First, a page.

Extreme proximal junctional kyphosis—a complication of delayed lambdoid suture closure in Hajdu–Cheney syndrome: a case report and literature review
To describe the manifestations, surgical treatment, and potential complications of Hajdu–Cheney syndrome (HCS), and the management of these complications.
The clinical presentation, management and outcome of HCS with severe osteoporosis and open skull sutures is presented, together with a literature review.
A 20-year-old female with HCS underwent posterior occipitocervical fusion for symptoms of progressive basilar invagination. Because of delayed lambdoid suture closure, the stiff fusion construct lead to increased suture distraction, most notably in the upright (suture-open) position, with relief in the supine (suture-closed) position. This was successfully remedied with extension of the fusion construct anteriorly over the skull vertex to the frontal bones.
In patients with HCS and other conditions with delayed suture closure, the surgeon must be cognizant of the presence of mobility at the suture lines, and consider extending the fusion construct anteriorly over the skull vertex up to the frontal bones. Because of significant osteoporosis in these syndromes, multiple fixation points and augmentation with bone graft are important principles.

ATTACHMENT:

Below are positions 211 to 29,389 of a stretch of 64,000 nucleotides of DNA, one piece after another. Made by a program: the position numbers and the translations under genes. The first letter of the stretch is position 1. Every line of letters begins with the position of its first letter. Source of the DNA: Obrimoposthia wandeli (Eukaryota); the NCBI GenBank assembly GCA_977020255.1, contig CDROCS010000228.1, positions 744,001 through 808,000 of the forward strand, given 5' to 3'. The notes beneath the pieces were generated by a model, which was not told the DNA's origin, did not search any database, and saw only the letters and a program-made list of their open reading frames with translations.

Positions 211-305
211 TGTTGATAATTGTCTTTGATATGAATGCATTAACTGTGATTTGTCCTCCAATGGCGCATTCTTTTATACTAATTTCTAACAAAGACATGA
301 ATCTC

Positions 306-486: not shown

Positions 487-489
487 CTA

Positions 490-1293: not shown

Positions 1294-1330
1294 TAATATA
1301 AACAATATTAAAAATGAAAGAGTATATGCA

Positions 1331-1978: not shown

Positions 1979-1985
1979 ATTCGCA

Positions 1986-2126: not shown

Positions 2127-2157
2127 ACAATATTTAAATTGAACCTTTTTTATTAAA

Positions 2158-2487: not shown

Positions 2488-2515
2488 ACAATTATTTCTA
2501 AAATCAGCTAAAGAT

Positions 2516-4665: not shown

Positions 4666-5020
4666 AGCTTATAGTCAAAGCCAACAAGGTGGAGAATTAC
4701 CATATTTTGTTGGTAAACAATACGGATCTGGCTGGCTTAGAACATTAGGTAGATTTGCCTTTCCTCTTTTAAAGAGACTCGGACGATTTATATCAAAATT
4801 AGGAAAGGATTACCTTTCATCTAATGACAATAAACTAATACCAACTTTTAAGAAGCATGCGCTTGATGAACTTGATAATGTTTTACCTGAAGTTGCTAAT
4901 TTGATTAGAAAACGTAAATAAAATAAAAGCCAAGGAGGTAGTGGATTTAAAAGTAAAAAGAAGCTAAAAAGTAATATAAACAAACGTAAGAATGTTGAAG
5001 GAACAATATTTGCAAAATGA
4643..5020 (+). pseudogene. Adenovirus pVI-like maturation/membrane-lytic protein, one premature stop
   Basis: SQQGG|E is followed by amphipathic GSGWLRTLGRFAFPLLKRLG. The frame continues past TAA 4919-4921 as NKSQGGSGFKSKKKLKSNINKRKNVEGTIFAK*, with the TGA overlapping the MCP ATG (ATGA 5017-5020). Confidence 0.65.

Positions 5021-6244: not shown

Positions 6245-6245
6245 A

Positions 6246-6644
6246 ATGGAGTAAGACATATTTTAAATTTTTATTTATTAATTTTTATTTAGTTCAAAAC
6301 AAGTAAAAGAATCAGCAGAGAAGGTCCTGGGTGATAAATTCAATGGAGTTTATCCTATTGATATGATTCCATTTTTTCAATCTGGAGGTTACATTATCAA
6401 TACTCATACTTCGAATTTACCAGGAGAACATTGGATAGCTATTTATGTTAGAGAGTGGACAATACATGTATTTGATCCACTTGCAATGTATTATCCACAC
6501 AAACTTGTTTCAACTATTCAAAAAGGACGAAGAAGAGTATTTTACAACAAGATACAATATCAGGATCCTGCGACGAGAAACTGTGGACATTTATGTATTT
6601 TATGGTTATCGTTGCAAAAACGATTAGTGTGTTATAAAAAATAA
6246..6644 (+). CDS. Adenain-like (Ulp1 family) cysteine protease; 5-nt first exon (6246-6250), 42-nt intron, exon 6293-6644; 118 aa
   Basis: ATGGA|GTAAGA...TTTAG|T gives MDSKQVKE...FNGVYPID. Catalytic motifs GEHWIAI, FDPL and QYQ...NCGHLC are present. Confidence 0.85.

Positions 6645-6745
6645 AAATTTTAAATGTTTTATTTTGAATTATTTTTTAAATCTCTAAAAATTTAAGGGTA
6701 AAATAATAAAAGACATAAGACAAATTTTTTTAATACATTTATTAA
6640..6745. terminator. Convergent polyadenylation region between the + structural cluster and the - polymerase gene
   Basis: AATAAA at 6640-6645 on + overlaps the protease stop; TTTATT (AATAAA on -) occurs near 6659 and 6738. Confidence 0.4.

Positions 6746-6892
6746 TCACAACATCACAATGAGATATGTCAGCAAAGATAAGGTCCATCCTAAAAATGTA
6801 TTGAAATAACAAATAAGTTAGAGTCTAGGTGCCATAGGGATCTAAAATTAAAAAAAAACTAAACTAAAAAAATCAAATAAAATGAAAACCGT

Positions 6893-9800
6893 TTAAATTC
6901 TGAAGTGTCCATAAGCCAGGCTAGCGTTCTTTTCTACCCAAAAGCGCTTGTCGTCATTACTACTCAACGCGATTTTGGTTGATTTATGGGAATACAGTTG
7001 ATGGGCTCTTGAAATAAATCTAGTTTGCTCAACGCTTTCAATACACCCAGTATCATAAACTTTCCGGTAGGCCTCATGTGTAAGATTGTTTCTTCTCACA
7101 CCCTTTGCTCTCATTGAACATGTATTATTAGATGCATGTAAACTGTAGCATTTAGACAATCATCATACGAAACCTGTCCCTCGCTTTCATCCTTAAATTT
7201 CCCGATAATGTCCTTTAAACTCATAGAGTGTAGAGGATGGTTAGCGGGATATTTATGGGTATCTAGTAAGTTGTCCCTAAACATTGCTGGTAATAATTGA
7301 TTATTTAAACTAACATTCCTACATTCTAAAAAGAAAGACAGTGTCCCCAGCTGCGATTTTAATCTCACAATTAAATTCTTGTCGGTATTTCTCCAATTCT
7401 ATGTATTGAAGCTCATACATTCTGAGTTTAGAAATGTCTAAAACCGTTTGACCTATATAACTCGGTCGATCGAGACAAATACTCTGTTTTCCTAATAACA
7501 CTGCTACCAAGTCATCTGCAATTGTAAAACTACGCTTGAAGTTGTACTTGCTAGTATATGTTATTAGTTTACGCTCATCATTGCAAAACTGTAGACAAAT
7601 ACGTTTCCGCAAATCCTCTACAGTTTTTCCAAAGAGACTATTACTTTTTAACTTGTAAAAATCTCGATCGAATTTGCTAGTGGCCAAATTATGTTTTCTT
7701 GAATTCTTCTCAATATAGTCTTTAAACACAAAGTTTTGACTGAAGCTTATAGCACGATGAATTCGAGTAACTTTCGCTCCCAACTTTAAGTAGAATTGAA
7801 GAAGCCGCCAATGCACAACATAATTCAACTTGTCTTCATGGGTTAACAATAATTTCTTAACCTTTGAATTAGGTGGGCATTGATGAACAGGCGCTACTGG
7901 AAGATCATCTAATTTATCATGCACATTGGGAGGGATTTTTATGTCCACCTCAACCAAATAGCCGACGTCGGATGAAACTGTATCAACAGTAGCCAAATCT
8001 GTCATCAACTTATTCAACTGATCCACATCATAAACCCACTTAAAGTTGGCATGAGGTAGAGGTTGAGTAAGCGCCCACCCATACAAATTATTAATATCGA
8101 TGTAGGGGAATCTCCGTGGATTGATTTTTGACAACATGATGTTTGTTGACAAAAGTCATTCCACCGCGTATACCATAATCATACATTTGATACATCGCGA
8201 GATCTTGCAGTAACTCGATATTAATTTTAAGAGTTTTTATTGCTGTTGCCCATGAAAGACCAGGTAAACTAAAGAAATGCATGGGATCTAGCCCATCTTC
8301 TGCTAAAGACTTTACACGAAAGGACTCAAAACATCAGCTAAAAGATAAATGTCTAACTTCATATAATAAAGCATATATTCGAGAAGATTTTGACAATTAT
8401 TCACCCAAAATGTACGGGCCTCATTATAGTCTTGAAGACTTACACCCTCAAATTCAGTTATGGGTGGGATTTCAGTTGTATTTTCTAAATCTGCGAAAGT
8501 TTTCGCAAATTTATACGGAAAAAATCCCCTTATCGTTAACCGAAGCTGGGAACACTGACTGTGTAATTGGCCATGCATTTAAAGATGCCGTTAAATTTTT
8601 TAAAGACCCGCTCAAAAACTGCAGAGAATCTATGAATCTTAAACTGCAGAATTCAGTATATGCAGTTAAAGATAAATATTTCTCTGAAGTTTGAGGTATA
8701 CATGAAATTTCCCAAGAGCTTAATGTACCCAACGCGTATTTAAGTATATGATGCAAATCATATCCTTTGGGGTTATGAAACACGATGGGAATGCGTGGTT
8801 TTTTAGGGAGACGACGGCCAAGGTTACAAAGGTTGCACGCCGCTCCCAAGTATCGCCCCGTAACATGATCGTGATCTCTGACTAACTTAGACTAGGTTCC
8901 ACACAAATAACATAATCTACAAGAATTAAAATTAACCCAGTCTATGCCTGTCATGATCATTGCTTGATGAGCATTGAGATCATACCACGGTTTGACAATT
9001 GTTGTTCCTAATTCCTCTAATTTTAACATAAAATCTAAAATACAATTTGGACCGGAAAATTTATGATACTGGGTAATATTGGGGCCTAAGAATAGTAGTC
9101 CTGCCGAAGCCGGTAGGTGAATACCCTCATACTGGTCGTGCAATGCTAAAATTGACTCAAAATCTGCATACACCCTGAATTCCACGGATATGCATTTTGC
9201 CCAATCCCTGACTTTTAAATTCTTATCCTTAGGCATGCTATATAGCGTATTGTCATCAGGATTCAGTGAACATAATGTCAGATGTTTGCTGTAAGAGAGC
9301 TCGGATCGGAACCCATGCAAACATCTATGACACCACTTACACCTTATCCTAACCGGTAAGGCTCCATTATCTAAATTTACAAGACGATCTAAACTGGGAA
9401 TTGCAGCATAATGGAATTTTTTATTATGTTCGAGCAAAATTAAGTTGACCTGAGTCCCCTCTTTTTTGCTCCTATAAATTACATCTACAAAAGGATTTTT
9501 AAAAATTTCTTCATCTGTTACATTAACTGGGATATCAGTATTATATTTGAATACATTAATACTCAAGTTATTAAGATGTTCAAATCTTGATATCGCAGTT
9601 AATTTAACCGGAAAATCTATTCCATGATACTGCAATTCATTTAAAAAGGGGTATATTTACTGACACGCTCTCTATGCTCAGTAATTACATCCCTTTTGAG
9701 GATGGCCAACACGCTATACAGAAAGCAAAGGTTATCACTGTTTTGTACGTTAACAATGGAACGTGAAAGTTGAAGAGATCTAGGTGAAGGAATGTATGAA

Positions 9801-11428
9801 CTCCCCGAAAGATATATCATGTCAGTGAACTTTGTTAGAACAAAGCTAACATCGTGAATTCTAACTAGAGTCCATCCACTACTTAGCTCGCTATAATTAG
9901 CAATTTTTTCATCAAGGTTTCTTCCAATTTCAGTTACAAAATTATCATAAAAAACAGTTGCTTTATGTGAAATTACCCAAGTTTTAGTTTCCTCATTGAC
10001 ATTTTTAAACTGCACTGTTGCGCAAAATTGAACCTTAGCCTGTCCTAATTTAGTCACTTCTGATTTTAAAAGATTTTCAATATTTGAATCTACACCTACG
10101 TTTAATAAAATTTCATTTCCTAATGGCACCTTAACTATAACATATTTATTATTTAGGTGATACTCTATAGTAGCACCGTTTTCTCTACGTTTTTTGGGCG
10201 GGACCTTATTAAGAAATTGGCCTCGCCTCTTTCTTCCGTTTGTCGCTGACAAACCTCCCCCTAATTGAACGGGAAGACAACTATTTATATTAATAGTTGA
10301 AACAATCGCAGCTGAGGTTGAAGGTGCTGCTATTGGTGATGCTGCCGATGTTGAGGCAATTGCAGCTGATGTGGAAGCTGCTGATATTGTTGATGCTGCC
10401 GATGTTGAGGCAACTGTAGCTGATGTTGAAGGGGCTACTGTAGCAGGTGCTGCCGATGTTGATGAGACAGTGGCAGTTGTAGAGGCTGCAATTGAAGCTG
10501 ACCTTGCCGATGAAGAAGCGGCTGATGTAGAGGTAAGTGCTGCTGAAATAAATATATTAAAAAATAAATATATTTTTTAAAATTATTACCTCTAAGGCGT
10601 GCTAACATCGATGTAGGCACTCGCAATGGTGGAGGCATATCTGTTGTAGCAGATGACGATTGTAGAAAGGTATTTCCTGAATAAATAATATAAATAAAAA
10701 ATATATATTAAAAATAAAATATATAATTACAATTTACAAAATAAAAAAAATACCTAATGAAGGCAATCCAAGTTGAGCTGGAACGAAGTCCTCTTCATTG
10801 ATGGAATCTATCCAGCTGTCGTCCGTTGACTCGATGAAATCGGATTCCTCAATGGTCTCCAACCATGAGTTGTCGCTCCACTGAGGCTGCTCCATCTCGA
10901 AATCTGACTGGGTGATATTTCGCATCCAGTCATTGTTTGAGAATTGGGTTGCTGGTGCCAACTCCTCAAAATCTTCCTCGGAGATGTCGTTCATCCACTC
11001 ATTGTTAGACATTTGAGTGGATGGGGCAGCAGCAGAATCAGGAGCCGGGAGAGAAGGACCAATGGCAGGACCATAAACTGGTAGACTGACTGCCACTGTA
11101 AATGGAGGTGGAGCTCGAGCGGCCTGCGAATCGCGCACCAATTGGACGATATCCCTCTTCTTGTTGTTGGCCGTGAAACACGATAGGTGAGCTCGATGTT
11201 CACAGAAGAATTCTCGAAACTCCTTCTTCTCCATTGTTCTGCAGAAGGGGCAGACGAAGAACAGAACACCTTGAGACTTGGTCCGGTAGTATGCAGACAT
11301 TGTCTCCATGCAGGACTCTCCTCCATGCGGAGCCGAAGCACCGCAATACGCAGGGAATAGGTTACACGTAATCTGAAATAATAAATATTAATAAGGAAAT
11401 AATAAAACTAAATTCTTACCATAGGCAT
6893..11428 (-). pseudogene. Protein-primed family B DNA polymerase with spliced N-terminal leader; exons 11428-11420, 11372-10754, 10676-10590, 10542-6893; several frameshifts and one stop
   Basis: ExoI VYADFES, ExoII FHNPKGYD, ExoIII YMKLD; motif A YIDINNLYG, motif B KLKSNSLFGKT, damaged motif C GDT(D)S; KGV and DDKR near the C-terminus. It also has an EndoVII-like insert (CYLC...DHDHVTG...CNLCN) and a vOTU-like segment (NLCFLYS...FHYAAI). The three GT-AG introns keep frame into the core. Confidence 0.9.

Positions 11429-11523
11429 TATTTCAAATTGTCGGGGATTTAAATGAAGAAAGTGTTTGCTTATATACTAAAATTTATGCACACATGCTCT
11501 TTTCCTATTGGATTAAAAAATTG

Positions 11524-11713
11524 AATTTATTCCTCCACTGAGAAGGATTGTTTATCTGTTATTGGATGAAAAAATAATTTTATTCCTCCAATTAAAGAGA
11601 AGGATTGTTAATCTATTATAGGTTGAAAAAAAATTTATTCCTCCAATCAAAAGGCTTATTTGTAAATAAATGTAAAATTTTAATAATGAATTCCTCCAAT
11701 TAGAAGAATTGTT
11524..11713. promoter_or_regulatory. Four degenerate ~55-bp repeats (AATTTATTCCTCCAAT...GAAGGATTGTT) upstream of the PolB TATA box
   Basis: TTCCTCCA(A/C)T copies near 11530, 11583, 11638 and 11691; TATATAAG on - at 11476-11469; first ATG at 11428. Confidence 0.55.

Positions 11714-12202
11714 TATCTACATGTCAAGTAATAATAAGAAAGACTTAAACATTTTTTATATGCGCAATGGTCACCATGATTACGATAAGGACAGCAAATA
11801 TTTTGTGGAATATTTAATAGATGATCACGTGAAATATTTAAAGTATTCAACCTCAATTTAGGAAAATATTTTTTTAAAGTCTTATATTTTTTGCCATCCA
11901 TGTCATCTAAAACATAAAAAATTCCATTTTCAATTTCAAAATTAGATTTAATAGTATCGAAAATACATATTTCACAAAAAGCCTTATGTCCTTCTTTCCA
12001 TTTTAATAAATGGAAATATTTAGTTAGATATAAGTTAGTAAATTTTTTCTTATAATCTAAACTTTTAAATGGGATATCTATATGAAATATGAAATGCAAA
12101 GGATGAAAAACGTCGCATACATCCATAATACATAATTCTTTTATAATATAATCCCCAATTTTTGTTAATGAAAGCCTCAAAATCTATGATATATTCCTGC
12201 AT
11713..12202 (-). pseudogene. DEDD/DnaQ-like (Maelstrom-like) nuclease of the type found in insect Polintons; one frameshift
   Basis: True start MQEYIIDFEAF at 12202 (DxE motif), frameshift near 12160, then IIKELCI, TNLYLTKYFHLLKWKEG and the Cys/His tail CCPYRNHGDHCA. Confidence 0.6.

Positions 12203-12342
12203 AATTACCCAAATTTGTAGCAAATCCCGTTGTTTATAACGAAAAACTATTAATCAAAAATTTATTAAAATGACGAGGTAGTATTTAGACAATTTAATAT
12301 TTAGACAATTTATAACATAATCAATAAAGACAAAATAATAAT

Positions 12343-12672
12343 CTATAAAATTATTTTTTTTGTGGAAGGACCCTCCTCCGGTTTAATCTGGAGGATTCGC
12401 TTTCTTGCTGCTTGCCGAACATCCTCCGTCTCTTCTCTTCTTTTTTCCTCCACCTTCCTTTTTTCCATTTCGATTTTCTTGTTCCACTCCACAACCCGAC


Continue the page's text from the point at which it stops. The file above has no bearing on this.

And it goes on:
KeywordsHajdu–Cheney syndrome Platybasia Calvarial sutures Wormian bones Cranial nerves
Compliance with ethical standards
Conflict of interest
None of the authors has any potential conflict of interest.
- 12.Leidig-Bruckner G, Pfeilschifter J, Penning N, Limberg B, Priemel M, Delling G, Ziegler R (1999) Severe osteoporosis in familial Hajdu–Cheney syndrome: progression of acro-osteolysis and osteoporosis during long-term follow-up. J Bone Miner Res 14:2036–2041. https://doi.org/10.1359/jbmr.1918.104.22.1686 CrossRefPubMedGoogle Scholar
- 17.DeWald CJ, Stanley T (2006) Instrumentation-related complications of multilevel fusions for adult spinal deformity patients over age 65: surgical considerations and treatment options in patients with poor bone quality. Spine 31:S144–S151. https://doi.org/10.1097/01.brs.0000236893.65878.39 CrossRefPubMedGoogle Scholar